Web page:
The following interview for Backstage’s on-camera series The Slate was compiled in part by Backstage readers just like you! Follow us on Twitter (@Backstage) and Instagram (@backstagecast) to stay in the loop on upcoming interviews and to submit your questions.
For Taylor Zakhar Perez, star of the “The Kissing Booth 2” and “The Kissing Booth 3,” the Netflix franchise is just the beginning. With the final installment now streaming, the multihyphenate actor has his eyes set on the road ahead. Joining us for an on-camera interview via Instagram Live, Perez talked through his audition process for the coveted musical role of Marco, his career so far (which has taken him from the Chicago suburbs to Los Angeles), and advice he has for aspiring actors.
Even after 11 years of acting in L.A., Perez still gets nervous at auditions.
“I haven’t been in an audition room since September 2019, so I’ve just been doing self-tapes. I’ve learned the tricks that my body has tried as a defense mechanism, so I’ll work against it. My process is: I’ll sit for hours going through the sides page by page, filling in the white space, because all the good stuff is there.”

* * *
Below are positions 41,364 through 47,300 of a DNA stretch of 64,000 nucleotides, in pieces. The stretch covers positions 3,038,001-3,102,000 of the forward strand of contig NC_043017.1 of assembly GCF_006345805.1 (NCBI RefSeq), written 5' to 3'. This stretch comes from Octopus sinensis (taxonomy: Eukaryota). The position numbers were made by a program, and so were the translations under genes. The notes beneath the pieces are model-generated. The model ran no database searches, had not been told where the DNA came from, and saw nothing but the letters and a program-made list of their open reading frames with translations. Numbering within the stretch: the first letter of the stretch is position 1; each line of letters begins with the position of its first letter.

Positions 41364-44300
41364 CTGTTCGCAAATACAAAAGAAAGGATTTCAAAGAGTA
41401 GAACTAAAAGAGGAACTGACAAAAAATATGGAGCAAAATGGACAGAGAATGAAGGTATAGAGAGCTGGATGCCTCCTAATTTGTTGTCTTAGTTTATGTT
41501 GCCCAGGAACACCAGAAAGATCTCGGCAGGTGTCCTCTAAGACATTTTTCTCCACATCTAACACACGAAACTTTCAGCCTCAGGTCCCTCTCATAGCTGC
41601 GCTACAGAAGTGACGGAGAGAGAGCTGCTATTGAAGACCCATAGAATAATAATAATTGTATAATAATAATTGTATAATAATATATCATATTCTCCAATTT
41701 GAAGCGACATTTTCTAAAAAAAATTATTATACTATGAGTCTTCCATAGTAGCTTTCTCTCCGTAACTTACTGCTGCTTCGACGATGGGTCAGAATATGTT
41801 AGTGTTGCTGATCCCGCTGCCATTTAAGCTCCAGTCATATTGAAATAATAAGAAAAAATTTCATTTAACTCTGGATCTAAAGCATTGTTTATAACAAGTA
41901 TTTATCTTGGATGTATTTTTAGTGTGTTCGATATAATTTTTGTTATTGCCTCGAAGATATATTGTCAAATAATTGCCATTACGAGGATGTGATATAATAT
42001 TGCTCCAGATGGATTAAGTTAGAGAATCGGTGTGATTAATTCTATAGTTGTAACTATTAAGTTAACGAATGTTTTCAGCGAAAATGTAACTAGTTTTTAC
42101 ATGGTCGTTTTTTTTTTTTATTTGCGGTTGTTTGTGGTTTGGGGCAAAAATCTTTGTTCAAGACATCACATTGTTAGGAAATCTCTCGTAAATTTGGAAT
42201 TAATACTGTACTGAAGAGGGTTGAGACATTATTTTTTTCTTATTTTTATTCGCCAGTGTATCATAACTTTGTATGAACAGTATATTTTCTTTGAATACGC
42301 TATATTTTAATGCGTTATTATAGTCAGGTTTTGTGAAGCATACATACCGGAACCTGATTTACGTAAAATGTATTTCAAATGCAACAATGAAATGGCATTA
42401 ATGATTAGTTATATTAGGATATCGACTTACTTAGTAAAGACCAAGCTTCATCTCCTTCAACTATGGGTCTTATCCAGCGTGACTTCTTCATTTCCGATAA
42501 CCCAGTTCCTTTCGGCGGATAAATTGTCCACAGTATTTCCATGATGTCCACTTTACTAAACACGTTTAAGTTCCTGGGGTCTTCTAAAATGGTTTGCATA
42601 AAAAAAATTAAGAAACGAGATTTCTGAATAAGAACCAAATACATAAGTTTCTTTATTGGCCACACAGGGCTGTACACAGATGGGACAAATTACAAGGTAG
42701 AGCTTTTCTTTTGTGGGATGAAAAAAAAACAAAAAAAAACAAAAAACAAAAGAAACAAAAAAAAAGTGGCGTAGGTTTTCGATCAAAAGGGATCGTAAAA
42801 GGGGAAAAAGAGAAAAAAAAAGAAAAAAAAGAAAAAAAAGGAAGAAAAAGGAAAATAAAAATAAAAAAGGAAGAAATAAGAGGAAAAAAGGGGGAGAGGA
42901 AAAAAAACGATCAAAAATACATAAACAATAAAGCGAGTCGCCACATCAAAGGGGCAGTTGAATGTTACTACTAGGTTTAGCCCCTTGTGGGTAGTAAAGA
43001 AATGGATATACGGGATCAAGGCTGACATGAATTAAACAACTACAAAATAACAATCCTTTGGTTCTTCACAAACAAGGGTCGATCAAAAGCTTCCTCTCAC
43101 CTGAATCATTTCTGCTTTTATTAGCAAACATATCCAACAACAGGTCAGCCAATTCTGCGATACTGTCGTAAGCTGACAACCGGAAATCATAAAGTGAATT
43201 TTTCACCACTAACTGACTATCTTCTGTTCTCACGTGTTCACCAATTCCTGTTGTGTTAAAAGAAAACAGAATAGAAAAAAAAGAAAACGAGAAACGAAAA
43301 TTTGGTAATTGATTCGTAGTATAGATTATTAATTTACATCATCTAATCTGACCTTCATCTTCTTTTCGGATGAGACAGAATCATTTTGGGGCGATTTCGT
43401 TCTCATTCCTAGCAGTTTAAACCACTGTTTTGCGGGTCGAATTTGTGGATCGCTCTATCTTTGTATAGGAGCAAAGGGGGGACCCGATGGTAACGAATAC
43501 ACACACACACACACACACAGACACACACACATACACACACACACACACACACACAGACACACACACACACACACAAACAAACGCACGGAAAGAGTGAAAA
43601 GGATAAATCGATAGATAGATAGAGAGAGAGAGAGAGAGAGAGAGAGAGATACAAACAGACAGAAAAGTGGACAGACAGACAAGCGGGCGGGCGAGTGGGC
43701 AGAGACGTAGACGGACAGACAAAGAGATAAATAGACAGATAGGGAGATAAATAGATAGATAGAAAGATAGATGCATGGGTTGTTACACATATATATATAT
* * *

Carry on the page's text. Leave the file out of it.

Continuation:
Perez grew up doing theater in the Chicago area.
“I grew up 45 minutes [outside] of Chicago, and I would do musical theater. I would go to school and do theater at night. I knew I liked being in theater, but I swam, and we never had off time. The only way I could do theater would be at the theater in the [next] city over, so I would go to different areas that had auditions, and [I] just did it. I liked getting out of the high school scene, because I felt more like an adult.”
If you want to succeed, get out of the library and live your best life.
“[My] No. 1 advice would be to live your life. I did not take that bit of advice forever, but when you get an audition and you have no way to relate a real-life situation with the scene you’re doing, it becomes 10 times harder. Sometimes it’s just so nice to go, ‘Oh, this happened to me,’ but if you’re living this studious life in the library and you’re reading these plays and not having real-life experience, you’re kind of a shell of a human. It’s apparent when you walk into casting offices [that] you’re coming in as a student who studied for their test and is ready to get an A+ on it.”
The best way to stick with the craft is to have confidence in yourself.
“I think we all have those moments in our career where you’re just giving all of yourself, and it’s not about paperwork or presentations—it’s about you sitting alone and doing the work and scraping up these emotions and it not going anywhere. But just know: If you have the undying desire and work ethic [and] you know this is for you, [then] you will be successful, and nothing can stop you. That’s the only way you can be successful.”
This story originally appeared in the Aug. 19 issue of Backstage Magazine. Subscribe here.
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